Mayor Rokhsana Fiaz opens Newham Word Festival
Newham is no ordinary London borough. It’s the capital’s youngest, its most diverse, and a place known for innovation and energy. So any literary festival run in the area should have a few surprises up its sleeve too.
Newham Word Festival’s answer to this brief is pretty spot on. The fortnight-long celebration encompasses both international best-selling authors and local writers covering their own neighbourhoods. It centres Newham’s home-grown talent but also has the star power to attract bookworms from across London. And, while it includes events for adults, the programme puts families and young people front and centre.
At the launch party in the Good Hotel, organiser Ben O’Donnell from Discover explained, “It’s really important that we reach every community group, provide something in the borough for everyone in the borough.” What are his programme highlights? “Having Malorie Blackman and Angie Thomas on stage together is just brilliant. I couldn’t have dreamt of a better event for local young people.”
Equally, though, he’s thrilled by initiatives like the Big ‘Em Up Showcase at Britannia Village Hall, “The young people have produced their own night. They’ve got two dance troupes, three or four spoken word artists, and some musicians. And they’ve done that off their own bat. They’ve put together something that is exactly what they want, and that is absolutely what we’re trying to achieve.”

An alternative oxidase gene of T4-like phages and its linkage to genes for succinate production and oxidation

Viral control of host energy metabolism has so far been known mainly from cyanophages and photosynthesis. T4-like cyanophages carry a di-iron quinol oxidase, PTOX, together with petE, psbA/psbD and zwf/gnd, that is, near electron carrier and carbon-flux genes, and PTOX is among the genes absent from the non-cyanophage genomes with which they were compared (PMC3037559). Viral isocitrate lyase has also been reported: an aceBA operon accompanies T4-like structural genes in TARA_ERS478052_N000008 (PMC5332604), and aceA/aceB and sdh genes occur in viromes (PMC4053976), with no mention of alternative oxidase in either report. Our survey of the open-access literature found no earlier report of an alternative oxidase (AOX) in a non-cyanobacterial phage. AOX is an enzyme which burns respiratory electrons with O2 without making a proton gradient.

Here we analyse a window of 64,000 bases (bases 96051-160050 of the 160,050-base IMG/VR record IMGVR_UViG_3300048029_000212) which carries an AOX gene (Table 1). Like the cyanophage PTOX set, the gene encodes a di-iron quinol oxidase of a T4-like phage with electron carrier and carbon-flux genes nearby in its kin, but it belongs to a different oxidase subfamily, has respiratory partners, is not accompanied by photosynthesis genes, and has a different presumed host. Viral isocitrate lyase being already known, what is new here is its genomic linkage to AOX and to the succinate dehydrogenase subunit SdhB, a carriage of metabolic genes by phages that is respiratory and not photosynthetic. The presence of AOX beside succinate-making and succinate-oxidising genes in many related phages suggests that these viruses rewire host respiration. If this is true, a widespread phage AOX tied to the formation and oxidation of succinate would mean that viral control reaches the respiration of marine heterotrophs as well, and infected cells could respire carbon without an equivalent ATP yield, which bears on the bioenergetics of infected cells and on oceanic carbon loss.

To an intimate crowd of local authors, artists, and stakeholders, the Mayor of Newham, Rokhsana Fiaz, introduced the event, saying, “[As a child,] I had my head in a book and it enabled me to lose myself and imagine the most amazing things.” Next, spoken word poet Neimo Askar performed pieces that ranged in topic from the pressures she’s experienced to ‘pray away’ her deafness, to her mother’s admiration for Elvis Presley. Moving yet witty and with a light touch, her works set the tone for a fortnight of gentle revelations.
So what is there to look forward to? Well, down in the Royal Docks, we’re envious of the children who’re attending this afternoon of riotous interactive comedy and games with Julian Clary and David Roberts. In Forest Gate, there’s an evening of Asian Noir, the new wave of crime fiction taking the genre by storm. As well as Malorie Blackman and Angie Thomas in conversation, you can catch big-name children’s poet Michael Rosen.
Open mic nights, drink and draw evenings, storytelling walks, there really is something for everyone here.
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